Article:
A group of demonstrators have apologised for the protest action at Hong Kong’s airport on Tuesday where travellers were blocked from proceeding to immigration checks. Flights were halted for the second day in a row as thousands rallied against cases of apparent police violence over the weekend.
Protesters also surrounded two mainland Chinese men, accusing one of being an undercover agent and another of pretending to be a journalist. Hong Kong courts have granted an injunction to clear protesters in the airport except for those conducting their sit-in at designated areas.
A group of anonymous protesters apologised on Wednesday: “It is not our intention to cause delays to your travels and we do not want to cause inconvenience to you. We ask for your understanding and forgiveness as young people in Hong Kong continue to fight for freedom and democracy.”
They said the airport protest was a last resort, citing alleged police brutality, cases of undercover police among protesters, as well as attacks by thugs.
“Although peaceful demonstrations involving tens of thousands of people went on for many days at the airport without incident, after months of prolonged resistance, we are frightened, angry and exhausted. Some of us have become easily agitated and over-reacted last night. For this we feel pained and dispirited and would like to express our most sincere apologies,” they said.
Some other protesters were seen apologising to travellers at the airport on Wednesday.
Pro-democracy camp convener Claudia Mo said on Wednesday that blocking travellers was wrong and would not help garner support. She said the apology was accepted and she hoped demonstrators could ensure it will not happen again.
“Having said that, we hope everyone, including travellers in and out of Hong Kong, would also understand the stress, the panicking, the suspicion, the restlessness involved in the crowd at the airport, ever since the police force’s admission of masquerading a certain number of officers as protesters with the aim of getting them arrested,” she said.
Mo said that she could not obtain all the details of the incidents at the airport, and could not be certain if they involved undercover instigators.
She denied that she was distancing herself from protesters, saying that different sectors of society were still supporting the young activists: “I am just stating what is right and what is wrong,” she said.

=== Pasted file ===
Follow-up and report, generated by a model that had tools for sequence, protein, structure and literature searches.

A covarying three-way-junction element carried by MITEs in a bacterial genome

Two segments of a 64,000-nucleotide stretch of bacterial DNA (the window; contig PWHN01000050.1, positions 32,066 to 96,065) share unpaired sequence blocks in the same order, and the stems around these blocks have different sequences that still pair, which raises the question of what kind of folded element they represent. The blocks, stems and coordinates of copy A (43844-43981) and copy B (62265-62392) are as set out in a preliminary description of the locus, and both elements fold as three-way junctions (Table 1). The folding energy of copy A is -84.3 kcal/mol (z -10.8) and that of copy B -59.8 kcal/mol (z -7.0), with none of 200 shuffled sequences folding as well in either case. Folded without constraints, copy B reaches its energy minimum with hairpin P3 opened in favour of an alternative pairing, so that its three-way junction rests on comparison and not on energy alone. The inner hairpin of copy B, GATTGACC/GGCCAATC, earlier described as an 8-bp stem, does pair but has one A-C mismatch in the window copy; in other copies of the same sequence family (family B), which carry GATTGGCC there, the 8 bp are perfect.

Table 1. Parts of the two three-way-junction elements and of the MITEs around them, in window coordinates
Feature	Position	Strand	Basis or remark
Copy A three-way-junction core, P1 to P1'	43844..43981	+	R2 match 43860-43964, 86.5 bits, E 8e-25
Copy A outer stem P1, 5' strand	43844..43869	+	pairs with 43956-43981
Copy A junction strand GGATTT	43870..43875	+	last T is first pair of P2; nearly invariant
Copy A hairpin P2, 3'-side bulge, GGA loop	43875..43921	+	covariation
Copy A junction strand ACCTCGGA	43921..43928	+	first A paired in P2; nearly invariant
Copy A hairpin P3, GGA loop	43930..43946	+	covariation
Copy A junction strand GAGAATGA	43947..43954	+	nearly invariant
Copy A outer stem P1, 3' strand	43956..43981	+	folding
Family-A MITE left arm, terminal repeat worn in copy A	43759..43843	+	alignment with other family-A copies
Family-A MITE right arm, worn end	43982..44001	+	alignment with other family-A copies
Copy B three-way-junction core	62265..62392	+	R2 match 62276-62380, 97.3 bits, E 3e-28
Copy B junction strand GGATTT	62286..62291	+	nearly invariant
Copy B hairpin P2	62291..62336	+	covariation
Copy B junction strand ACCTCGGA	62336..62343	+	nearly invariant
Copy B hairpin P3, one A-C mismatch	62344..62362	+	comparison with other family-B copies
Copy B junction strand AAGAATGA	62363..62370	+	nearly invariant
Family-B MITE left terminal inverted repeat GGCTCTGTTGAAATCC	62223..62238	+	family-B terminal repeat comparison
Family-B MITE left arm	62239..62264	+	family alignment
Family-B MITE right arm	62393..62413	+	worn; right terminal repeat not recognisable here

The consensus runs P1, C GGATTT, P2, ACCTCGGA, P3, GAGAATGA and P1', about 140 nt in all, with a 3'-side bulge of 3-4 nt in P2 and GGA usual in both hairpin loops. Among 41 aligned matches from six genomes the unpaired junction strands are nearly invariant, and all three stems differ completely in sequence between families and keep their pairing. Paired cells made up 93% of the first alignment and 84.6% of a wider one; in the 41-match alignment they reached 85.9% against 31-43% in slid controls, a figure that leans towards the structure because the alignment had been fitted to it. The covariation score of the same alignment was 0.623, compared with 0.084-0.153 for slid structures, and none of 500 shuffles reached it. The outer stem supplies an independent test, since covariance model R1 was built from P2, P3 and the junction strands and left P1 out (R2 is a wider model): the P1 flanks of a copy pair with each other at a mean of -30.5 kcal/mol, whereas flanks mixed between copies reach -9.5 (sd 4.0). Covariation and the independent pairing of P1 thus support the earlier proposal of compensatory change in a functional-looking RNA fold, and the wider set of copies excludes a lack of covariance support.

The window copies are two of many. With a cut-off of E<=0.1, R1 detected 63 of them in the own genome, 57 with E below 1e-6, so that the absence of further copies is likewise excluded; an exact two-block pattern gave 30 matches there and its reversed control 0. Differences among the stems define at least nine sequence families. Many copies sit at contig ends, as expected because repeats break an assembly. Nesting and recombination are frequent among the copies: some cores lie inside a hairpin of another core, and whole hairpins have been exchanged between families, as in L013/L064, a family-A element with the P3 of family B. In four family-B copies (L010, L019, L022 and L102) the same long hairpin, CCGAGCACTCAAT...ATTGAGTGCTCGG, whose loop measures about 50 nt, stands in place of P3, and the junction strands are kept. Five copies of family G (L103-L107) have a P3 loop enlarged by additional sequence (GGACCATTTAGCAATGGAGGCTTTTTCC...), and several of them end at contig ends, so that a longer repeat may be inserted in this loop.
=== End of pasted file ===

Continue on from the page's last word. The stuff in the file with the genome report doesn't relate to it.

Hong Kong’s leading airline Cathay Pacific said its operations had been seriously disrupted over recent days. It said 272 Cathay and Cathay Dragon flights had been cancelled, affecting more than 55,000 passengers.
“Once again, we would like to reiterate our firm support for the Hong Kong SAR Government, the Chief Executive and the Police in their efforts to restore law and order,” the airline said in a statement.
The pro-Beijing camp said protesters had crossed a moral bottom line by blocking tourists and journalists, and assaulting tourists.
Lawmakers Ma Fung-kwok and Kwok Wai-keung cited Beijing’s recent remarks as saying that protesters’ behaviour was a sign of “terrorism emerging.”
“If they continue to do that, Hong Kong’s name internationally will be tarnished,” Ma said.
But when asked if the camp would specifically condemn apparent triad mob attacks in Yuen Long and North Point as terrorism, DAB party leader Starry Lee stated only that they sought to condemn all violence.
The police condemned protesters’ behaviour, but stopped short of deeming it terrorism.
“I only think it was a serious crime, but it was not terrorism,” said Steve Li, senior superintendent of the Organised Crime and Triad Bureau.
Assistant Commissioner of Police (Operations) Mak Chin-ho said the police did not send undercover officers to the airport protest on Tuesday.
A police officer chased a protester at the airport on Tuesday night after police entered to remove a mainland man who had been surrounded and attacked by protesters. The officer pulled out his pistol after he himself was surrounded by protesters.
Police officer had his baton taken from him and was attacked with it. Drew his pistol and aimed at protesters. Astonished nobody killed here tonight. pic.twitter.com/Wox8yziDnz
— Mike Bird (@Birdyword) August 13, 2019
Mak said the officer made the right decision to pull the gun out when his life was under threat: “The decision was absolutely correct, legal and reasonable. His performance was brave, decisive and professional,” Mak said.